It now seems to have become some people’s hobby to question the reliability of such indices, on the ground that they are not always based on objective criteria. Of course, in the past these same people had no problem with these same criteria and used to quote them when the indices were more favourable to Malta.
A free press is indispensable for facilitating good governance and transparent societies, and “acts as a voice for the public and as a watchdog. It provides checks and balances and holds leaders accountable to the public,” according to Dr. Hanif Hassan Ali Al Qassim, Chairman of the Geneva Centre for Human Rights Advancement and Global Dialogue.
Yet, according to the World Press Freedom Index, released by Reporters Without Borders, Malta ranked 81st out of 180 countries last year in terms of its freedom of the press. Being in the company of El Salvador and Hong Kong is indeed sad. If the press is undermined, its ability to investigate and expose corruption, bribery, mismanagement, waste, embezzlement and other vices in democratic societies might just be truncated.
Of course, not all the press is accurate; some outlets are more professional than others. Some journalists are honest, whereas personal agendas hijack others’ work. But they should all be tolerated and, if necessary, rebutted rather than repressed. Nobody denies that the media have obligations to society, owing people the truth and objectivity. Neither is it the case that the media are exempt from codes of ethics and professional conducts to safeguarding public interest.
Of course, not all the press is accurate; some outlets are more professional than others. But they should all be tolerated.
The nadir to which we are sinking is amply evident from the hate speech, bigotry and fear that are being weaponised to attack journalists and social media players, often compounded by inflammatory and smear campaigns.
I do not propose to answer the question about the dogs that didn’t bark and why the State’s institutions in our society didn’t function effectively, or not at all, over the Panama Papers and corruption scandals. Let every man with a modicum of conscience answer that for himself. But the saga tells us much about the need for an estate, a profession, an institution ─ we’ll probably never quite agree what to call it ─ that exists independently of the other main centres of power in society.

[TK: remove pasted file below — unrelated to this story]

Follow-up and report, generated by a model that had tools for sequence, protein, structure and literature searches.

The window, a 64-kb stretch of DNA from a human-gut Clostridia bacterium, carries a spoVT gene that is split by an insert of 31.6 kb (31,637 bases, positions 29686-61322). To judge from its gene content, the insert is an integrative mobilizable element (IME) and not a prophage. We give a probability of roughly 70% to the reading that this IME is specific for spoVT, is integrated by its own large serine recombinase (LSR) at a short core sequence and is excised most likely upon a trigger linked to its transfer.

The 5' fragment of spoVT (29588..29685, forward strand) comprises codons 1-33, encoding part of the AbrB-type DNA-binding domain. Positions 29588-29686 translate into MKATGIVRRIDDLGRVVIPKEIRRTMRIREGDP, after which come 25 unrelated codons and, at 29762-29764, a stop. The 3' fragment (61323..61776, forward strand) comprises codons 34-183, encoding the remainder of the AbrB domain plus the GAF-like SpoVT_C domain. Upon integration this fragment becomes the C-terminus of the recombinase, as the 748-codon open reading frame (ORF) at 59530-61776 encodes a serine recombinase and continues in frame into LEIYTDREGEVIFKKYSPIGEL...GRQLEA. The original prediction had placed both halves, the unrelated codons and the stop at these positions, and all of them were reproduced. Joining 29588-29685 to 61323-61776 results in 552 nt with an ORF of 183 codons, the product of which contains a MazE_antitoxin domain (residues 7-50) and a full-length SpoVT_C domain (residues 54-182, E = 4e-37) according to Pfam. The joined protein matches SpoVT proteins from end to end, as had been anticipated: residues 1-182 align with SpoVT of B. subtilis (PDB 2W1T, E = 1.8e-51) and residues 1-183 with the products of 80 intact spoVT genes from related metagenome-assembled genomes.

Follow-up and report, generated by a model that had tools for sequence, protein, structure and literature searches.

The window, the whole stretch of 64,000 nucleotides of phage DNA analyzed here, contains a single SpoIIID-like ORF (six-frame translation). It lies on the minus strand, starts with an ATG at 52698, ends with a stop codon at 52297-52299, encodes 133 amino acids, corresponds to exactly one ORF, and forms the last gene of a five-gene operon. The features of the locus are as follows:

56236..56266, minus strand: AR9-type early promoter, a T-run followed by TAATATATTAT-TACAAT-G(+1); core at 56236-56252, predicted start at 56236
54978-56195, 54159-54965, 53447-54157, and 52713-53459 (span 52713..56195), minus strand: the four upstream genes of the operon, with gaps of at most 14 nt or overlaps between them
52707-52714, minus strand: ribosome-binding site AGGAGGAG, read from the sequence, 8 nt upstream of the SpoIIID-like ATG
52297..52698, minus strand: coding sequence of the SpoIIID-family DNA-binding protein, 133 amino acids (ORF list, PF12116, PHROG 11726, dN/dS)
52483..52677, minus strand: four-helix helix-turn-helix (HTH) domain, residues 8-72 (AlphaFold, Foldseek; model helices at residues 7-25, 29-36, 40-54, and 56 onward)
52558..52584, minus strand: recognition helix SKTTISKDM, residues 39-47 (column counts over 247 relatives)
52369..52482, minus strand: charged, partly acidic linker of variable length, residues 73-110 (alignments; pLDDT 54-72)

Anton Cassar, the editor of l-orizzont and my mentor in my journalism days in the early Sixties, introduced me to the term The Fourth Estate, and I was very proud to be a member of it.
Most journalists do not respond to a party whip, make the compromises necessary in politics or answer to shareholders. They are not bound by the confidentiality agreements that bind others. They are careless of causing inconvenience or embarrassment. They don’t have to win votes. They can write things – about the economy, say, or the environment – which may need saying but which are unsayable by politicians. They come from a different place.
This freedom is a fundamental one. There are plenty of writers, jurists and political philosophers who consider it the first and foremost of our freedoms. The first amendment of the American constitution is probably the most robust expression and enshrinement of the primacy of free speech in an open society.
The imperfections of the press are not the point when considering its freedom. A free press is not there for the benefit of a group called journalists. It’s primarily there for the benefit of ordinary citizens.
Note: Malta will be launching an anti-SLAPP bill in the coming days, together with a set of legislative instruments aimed at the protection of journalists and defending media freedom.